The Coastal Wetland Monitoring Program (CWMP) is an EPA-led program to monitor the health of all Great Lakes coastal wetlands larger than four hectares. USGS scientists are working with Principal Investigators from many State and academic institutions to conduct data collection, implement standardized sampling protocols, analyze multiparameter data, and communicate results to the public.
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Long-term Monitoring of Great Lakes Coastal Wetlands and Contributions to the Coastal Wetland Monitoring Program

The Coastal Wetland Monitoring Program (CWMP) is an EPA-led program to monitor the health of all Great Lakes coastal wetlands larger than four hectares. USGS scientists are working with Principal Investigators from many State and academic institutions to conduct data collection, implement standardized sampling protocols, analyze multiparameter data, and communicate results to the public.
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Invasive Phragmites Science: Using Microbial Interactions to Foster the Restoration of Great Lakes Wetlands

The USGS is developing innovative Phragmites control measures to keep this rapidly spreading invasive plant from further expanding its range into new wetland habitats and to aid in the development of successful restoration strategies. Scientists are conducting studies and field tests to determine (1) if microbes (i.e., fungi and bacteria) that live within and around Phragmites are enabling the...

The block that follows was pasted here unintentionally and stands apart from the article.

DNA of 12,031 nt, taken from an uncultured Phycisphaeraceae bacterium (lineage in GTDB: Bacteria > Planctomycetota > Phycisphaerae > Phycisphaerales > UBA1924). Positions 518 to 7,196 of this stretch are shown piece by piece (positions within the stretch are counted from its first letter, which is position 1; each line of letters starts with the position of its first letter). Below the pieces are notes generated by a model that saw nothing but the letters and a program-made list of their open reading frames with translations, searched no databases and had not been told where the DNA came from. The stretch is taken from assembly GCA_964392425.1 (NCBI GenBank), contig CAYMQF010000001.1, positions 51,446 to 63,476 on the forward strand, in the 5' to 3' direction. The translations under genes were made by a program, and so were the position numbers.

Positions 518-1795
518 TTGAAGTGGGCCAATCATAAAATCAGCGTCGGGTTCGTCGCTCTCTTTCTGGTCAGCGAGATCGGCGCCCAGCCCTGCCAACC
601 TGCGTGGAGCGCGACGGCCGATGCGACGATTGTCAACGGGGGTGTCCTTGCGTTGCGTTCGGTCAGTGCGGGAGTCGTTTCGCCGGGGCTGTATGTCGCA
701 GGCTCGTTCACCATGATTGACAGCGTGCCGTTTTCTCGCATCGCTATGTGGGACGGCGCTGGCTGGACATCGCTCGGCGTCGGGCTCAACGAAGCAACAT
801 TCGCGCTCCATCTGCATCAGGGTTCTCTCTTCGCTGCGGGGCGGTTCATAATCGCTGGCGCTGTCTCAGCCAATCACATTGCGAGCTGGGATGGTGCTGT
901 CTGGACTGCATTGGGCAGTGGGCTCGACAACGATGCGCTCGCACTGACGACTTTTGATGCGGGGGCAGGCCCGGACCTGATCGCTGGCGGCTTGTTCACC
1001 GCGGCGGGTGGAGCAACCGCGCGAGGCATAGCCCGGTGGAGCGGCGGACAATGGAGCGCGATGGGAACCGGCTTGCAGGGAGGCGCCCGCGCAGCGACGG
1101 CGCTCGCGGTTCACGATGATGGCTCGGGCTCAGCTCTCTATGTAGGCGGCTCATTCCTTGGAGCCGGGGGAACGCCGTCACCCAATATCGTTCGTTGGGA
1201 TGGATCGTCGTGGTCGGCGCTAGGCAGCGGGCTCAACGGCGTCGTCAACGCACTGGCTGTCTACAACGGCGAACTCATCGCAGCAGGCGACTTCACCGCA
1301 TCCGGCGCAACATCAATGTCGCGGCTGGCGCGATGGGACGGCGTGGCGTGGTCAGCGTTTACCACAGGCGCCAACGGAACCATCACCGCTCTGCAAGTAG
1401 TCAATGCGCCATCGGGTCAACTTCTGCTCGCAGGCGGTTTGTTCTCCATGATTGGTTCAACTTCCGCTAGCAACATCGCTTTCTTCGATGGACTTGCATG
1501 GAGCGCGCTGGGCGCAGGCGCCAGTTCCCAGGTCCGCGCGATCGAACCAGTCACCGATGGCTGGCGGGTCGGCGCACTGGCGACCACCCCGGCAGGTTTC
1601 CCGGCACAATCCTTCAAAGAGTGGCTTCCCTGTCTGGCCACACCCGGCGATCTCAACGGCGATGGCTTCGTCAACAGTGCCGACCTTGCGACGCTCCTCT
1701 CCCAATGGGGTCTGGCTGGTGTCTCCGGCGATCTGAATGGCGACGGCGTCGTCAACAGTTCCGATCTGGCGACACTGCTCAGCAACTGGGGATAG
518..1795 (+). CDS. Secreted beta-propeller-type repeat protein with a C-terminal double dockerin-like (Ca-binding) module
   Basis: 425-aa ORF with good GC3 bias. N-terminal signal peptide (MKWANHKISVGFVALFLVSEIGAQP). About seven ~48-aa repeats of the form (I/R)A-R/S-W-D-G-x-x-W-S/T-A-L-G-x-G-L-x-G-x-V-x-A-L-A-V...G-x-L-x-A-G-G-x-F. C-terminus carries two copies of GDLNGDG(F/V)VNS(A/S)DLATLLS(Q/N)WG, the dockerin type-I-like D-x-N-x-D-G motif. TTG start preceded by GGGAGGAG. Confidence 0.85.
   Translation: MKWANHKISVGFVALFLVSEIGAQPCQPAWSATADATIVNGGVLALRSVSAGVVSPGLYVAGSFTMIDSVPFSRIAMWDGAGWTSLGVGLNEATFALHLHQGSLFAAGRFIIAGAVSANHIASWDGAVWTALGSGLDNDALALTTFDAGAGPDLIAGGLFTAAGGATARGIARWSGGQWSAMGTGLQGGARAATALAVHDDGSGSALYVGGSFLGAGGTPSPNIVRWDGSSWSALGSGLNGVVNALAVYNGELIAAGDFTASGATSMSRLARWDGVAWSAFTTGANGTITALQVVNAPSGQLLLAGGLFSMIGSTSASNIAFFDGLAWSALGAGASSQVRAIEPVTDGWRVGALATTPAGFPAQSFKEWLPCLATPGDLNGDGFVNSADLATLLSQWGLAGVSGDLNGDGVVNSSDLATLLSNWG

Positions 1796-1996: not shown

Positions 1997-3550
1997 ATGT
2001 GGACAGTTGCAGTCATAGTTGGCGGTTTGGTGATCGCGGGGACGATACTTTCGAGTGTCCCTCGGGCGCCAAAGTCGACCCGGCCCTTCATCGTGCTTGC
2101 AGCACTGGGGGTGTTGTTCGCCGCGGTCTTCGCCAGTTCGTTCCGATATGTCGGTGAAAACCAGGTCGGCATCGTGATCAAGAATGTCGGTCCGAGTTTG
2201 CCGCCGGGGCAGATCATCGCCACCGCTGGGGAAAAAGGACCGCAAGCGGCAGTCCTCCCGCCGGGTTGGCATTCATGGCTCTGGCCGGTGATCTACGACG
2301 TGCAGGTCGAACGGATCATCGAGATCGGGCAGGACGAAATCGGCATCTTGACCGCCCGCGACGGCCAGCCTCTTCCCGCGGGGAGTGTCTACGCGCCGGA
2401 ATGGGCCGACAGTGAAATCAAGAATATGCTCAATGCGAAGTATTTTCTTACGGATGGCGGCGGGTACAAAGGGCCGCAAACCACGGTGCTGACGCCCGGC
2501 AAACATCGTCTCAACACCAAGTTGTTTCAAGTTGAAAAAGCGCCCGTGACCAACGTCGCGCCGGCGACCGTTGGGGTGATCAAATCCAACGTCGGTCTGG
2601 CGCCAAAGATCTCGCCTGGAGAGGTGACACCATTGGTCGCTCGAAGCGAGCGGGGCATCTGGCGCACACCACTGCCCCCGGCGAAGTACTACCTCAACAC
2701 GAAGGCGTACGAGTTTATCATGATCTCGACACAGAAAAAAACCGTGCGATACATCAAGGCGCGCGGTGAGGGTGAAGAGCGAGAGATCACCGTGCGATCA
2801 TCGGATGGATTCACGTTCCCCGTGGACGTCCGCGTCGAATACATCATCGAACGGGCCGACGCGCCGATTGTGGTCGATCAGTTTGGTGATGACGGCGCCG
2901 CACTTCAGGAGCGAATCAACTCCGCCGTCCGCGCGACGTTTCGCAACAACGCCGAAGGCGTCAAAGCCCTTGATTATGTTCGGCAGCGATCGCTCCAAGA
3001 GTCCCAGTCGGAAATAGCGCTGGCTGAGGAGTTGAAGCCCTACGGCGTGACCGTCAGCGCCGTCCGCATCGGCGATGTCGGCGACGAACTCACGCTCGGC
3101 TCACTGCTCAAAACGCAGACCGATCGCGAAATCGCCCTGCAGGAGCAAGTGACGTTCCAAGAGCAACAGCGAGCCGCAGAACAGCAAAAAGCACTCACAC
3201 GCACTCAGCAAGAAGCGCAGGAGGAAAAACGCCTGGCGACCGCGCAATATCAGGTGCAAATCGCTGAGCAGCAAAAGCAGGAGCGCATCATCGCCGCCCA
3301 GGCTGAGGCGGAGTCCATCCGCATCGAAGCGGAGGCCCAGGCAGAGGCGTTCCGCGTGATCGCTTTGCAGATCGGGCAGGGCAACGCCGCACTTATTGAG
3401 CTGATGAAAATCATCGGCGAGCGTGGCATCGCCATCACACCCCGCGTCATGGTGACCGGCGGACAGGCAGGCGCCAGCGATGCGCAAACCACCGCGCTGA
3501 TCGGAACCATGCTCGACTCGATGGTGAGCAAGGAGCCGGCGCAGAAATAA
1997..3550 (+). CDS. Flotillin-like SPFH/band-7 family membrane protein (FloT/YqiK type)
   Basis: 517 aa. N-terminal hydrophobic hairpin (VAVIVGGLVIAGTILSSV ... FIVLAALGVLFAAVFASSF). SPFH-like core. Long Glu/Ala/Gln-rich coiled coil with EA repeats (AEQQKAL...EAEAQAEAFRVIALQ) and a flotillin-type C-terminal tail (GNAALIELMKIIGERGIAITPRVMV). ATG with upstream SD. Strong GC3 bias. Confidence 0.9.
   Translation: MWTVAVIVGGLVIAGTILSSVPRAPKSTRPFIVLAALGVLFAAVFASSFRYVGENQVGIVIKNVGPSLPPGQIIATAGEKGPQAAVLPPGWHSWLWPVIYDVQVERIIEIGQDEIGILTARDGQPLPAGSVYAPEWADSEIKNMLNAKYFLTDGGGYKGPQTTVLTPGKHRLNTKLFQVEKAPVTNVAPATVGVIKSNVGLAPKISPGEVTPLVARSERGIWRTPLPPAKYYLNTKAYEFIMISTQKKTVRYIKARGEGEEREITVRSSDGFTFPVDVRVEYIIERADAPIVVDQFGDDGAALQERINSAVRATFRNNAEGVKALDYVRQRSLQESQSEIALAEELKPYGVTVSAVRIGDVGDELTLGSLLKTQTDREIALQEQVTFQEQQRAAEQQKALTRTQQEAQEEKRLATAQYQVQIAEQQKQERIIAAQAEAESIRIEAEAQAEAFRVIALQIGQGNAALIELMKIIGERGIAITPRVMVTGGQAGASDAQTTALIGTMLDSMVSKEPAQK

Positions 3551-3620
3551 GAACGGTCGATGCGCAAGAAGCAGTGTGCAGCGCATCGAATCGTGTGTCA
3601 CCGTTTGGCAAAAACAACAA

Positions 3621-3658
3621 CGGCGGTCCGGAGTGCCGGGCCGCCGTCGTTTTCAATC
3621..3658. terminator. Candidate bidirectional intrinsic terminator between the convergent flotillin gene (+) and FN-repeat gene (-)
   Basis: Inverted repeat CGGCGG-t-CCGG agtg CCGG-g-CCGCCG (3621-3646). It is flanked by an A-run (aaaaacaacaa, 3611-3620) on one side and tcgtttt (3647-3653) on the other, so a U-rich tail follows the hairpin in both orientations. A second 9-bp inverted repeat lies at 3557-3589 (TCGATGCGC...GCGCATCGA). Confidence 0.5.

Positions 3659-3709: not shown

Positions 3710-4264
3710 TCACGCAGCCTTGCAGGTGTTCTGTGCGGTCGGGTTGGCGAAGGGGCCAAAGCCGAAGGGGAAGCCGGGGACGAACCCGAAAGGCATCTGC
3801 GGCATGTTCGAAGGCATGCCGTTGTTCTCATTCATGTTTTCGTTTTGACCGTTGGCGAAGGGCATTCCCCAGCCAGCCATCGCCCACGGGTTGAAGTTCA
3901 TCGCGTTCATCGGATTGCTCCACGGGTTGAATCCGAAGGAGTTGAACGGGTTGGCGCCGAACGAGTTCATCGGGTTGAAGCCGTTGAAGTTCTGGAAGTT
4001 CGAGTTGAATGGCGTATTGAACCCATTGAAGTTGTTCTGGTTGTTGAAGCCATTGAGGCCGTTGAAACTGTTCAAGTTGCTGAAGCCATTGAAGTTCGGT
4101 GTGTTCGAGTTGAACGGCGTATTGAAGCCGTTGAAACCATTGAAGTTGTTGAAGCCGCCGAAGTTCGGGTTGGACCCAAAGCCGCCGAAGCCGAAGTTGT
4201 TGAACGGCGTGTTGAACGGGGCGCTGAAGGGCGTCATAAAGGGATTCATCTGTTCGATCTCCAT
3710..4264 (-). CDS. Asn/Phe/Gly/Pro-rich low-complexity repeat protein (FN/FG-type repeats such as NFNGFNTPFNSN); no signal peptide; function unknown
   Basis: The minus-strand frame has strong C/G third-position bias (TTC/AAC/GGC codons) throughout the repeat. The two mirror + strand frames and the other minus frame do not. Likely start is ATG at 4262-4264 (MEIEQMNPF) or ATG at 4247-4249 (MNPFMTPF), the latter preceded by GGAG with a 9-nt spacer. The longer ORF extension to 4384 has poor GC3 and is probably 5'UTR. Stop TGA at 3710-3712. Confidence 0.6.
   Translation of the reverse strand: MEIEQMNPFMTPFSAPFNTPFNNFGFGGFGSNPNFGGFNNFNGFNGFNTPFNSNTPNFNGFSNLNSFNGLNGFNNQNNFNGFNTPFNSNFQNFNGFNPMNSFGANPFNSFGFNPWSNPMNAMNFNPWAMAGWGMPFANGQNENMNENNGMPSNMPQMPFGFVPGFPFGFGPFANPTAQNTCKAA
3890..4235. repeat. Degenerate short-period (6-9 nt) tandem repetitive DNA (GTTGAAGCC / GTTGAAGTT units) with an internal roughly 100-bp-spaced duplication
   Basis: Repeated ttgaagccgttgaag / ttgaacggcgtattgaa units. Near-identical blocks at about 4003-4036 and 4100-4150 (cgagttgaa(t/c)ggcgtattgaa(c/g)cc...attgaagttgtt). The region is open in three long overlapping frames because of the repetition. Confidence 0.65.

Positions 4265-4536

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Invasive Phragmites Science: Using Microbial Interactions to Foster the Restoration of Great Lakes Wetlands

The USGS is developing innovative Phragmites control measures to keep this rapidly spreading invasive plant from further expanding its range into new wetland habitats and to aid in the development of successful restoration strategies. Scientists are conducting studies and field tests to determine (1) if microbes (i.e., fungi and bacteria) that live within and around Phragmites are enabling the...
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Restoring Wetland Habitat and Function at the Shiawassee National Wildlife Refuge

Hydrologic connectivity is essential to maintaining coastal wetland services and functionality. Impounded wetlands often do not provide essential services such as flood mitigation and nutrient retention, nor can they be utilized as spawning and nursery habitat by important Great Lakes fishes. The Shiawassee National Wildlife Refuge manages hundreds of acres of historical coastal wetland habitat...
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Restoring Wetland Habitat and Function at the Shiawassee National Wildlife Refuge

Hydrologic connectivity is essential to maintaining coastal wetland services and functionality. Impounded wetlands often do not provide essential services such as flood mitigation and nutrient retention, nor can they be utilized as spawning and nursery habitat by important Great Lakes fishes. The Shiawassee National Wildlife Refuge manages hundreds of acres of historical coastal wetland habitat...
Learn More